Happiness comes in many flavors (and it only costs €20)
July 5, 2010 § Leave a comment
The other day, one of my friends came to me in distress because her host family had asked her to cook them an authentic Macanese meal.
This in itself didn’t trouble her — in fact, she wanted dearly to oblige them. We all look for chances to share our home cultures with our adoptive families — a small return for the way they have so munificently shared theirs with us.
The trouble was that there were no authentic Macanese ingredients to be found at Aldi.
I’m learning a lot about the things I associate with life in the US. Feeling sad a few days ago and longing for a bit of home, I ambled over to Am Stern and stepped inside a Turkish market. Suddenly there were mounds of apricots and almonds and tall glass bottles of pomegranate molasses.
It reminded me so much of being a little girl in San Diego, of weekend shopping trips to nondescript storefronts that emitted overwhelming odoriferous clouds of Indian spices with every swing of the door. It reminded me of discovering Boston’s Haymarket as young teen, the neverending fruit stalls that spilled down steep staircases into tiny, crowded Middle Eastern grocery stores. I bought off homesickness with a ring of dates and a box of rose-flavored Turkish delight.
It didn’t matter that it wasn’t jasmine rice and Silver Swan soy sauce, the stuff of growing up Filipino-American. The unfamiliarity was itself familiar. I ate my rose-flavored candy and felt comforted because it was something from somewhere else.
Turkish delight and dolma were not going to help my friend, though. What was she to do? Saying no was not an option, but she didn’t want to use the wrong ingredients and feed them something she thought a travesty.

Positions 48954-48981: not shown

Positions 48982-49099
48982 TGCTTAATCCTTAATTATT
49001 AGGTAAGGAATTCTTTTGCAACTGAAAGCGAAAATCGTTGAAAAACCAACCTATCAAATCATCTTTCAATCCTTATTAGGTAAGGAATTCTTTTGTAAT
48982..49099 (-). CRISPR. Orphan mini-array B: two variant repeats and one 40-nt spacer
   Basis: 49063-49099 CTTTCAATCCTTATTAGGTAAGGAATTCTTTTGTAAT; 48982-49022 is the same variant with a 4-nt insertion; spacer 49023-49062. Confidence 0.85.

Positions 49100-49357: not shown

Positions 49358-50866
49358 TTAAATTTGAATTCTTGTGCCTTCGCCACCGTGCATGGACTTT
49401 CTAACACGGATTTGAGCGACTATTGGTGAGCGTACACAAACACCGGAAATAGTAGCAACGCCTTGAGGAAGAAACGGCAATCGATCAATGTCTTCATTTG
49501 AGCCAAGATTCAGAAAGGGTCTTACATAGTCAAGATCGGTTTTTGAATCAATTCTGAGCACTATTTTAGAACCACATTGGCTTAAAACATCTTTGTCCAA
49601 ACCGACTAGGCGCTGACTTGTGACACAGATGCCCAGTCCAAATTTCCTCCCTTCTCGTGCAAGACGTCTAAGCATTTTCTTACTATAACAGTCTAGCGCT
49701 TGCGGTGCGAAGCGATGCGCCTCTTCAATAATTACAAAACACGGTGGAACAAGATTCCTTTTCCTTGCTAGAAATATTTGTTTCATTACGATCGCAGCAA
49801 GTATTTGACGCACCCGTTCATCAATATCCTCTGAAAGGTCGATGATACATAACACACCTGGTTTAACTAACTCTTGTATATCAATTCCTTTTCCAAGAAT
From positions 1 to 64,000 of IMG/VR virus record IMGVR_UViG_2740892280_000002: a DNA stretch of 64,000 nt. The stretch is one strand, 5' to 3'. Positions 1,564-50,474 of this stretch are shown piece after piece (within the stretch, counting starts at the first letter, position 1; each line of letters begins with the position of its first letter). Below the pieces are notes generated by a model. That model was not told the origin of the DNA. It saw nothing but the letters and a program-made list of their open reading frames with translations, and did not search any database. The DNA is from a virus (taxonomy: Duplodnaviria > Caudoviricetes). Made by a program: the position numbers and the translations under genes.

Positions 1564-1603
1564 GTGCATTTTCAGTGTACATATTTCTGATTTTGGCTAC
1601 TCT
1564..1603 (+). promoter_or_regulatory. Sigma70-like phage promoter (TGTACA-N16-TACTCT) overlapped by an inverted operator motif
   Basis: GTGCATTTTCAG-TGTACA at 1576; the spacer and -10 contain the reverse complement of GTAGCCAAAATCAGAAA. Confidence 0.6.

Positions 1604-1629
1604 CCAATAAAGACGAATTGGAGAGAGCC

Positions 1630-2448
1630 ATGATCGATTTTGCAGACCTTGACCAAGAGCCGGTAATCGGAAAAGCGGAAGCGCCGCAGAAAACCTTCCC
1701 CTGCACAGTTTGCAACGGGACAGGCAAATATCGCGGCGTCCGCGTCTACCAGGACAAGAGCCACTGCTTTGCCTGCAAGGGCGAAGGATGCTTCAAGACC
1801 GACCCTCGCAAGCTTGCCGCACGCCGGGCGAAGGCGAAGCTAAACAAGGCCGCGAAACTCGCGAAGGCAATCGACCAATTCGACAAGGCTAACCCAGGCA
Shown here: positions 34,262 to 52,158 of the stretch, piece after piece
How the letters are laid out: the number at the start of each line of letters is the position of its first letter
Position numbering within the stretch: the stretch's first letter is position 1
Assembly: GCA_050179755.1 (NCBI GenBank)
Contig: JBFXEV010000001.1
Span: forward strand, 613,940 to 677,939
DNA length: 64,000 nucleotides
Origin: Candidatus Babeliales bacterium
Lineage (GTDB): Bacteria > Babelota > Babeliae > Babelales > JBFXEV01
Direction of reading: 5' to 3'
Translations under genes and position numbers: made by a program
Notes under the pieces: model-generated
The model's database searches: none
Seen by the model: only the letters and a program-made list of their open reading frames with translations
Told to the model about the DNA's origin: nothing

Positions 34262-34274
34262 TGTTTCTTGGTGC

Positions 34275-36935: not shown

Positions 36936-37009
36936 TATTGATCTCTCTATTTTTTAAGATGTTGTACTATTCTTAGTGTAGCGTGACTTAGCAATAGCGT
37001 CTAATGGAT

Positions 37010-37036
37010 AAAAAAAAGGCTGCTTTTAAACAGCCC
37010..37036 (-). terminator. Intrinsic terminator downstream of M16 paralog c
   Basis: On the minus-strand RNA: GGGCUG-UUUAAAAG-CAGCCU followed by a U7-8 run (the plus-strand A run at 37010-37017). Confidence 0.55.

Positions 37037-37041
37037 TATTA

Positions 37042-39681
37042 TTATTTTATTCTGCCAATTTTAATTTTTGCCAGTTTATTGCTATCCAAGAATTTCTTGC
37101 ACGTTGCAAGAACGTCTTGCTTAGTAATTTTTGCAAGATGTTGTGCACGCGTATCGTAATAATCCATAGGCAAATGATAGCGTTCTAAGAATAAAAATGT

We decided to test the assumption that a city with Chinese restaurants (Kassel has 5) must also have a place to buy Chinese ingredients. It took me half an hour on Google (translating is clumsy and slow-going) to find a little Asiamarkt not half a mile away from campus!
So off we trotted, feeling warm hope in our souls, and after fifteen minutes and a few wrong turns, we found it hiding behind a bustop. It was humble and small but crammed with necessities — we found soy sauce and chili paste, rice noodles and sinigang, dried mangoes and ChocNut, long beans and rice and bok choy. We traded 20 Euros apiece for our basketfuls of soul-rations.
With the gentle German summer sun high in the sky and cracker nuts for the walk back, I was so contented. My friend could make her authentic dinner and I had coco jam to give my host mother as pasalubong.
Munching on my peanuts, I was a stranger to homesickness. Adobo is such a happy flavor — I can stay here forever.